When it sees a big rock like that, it just goes right over it? JUNKIN: Yeah, it just goes right over it.
-Let me show you something.
-All right.
So you're gonna pick out a rock and we're gonna explore the rock -in this.
-Yeah, let's look at that rock right over there.
-Okay, that one.
-So, look at this rock right here.
We can bow down to it.
And now, another cool feature: you twist this way TAYLOR: Oh, that crabs.
Yeah, yeah.
I got you, I got you.
JUNKIN: That crabs.
See how we can just rotate -all the way around? -That-that's amazing.
JUNKIN: You're doing perfect.
And then we're gonna shoot straight up that hill right there.
-All right.
Straight? -It'll take you yeah.
TAYLOR: All right.
JUNKIN: So it is a rock-climbing fool.
-You could climb up a wall in this thing.
We want the vehicle to go places where they're like, "This is my life support system.
" -Right.
Yeah, right.
-"I'm not going there.
" -But the vehicle would go -Will do it, -if they had to.
-Will do it, if they have to.
NARRATOR: If ancient astronaut theorists are correct, and extraterrestrials came to our planet thousands of years ago in search of gold and other precious minerals, wouldn't there be evidence? Some telltale sign that the Earth was once the site of a vast, global mining operation? CHILDRESS: There was a place in Peru called Cajamarquilla, and at this spot there are thousands of shallow pits that are going up the ridge of a mountain, and they're in-line.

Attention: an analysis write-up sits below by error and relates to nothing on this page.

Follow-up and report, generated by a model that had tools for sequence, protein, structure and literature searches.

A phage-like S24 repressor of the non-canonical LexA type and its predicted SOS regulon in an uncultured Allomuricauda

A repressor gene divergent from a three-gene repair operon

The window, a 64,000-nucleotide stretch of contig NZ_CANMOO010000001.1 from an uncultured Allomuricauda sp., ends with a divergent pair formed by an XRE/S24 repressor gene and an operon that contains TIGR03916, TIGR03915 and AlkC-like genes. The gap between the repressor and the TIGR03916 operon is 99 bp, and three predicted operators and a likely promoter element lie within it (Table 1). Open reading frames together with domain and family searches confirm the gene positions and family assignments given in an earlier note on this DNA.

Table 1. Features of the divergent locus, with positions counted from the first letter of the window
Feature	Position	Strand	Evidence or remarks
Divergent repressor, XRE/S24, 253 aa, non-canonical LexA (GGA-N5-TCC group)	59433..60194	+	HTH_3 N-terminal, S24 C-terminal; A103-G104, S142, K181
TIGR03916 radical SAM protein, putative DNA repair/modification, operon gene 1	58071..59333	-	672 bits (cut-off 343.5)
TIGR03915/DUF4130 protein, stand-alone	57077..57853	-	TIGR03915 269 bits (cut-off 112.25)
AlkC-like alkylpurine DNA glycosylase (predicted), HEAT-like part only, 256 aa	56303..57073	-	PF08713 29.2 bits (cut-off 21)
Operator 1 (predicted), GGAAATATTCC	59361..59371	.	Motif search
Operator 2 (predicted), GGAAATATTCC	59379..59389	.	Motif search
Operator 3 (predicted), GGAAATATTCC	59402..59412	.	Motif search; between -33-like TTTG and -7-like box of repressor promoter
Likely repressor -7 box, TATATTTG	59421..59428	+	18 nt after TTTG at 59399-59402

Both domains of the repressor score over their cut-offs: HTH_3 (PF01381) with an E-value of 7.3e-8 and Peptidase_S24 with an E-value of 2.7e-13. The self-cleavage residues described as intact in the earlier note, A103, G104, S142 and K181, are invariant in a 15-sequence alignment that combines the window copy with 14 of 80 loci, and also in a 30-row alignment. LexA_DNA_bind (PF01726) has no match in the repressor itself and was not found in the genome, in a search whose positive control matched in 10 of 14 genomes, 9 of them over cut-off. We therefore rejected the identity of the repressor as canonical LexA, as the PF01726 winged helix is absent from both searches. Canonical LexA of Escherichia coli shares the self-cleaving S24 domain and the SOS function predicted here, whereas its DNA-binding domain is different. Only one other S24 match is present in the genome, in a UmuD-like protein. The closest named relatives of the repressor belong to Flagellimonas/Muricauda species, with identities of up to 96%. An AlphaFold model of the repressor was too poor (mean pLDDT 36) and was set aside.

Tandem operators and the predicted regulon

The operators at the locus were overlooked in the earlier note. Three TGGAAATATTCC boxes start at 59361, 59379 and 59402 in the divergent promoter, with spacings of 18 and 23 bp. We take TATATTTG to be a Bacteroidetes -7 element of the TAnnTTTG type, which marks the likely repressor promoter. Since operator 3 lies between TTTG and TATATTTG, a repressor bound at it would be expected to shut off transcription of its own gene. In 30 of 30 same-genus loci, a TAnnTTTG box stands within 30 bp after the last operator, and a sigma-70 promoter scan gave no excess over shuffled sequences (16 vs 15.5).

They're quite uniform.
They are only say, two, three feet deep, these pits.
And they are baffling.
What these pits might actually be is the result of some kind of mining probe that was going up this mountain, digging these holes, and then sampling for valuable minerals.
NARRATOR: Today, Cajamarquilla is mined for zinc, a mineral used in metal alloys and electrical equipment.
But if Earth may have provided a treasure trove of raw materials for extraterrestrial space travelers, what resources would Mars have to offer? Recent NASA findings suggest the Red Planet could be capable of supporting human life, and in ways never before imagined.
NARRATOR: After decades of searching, scientists believe they have recently found something incredible on Mars: water.
On July 25, 2018, the European Space Agency's Mars Express spacecraft reported the discovery of a subglacial lake located a mile or so beneath the planet's otherwise arid surface.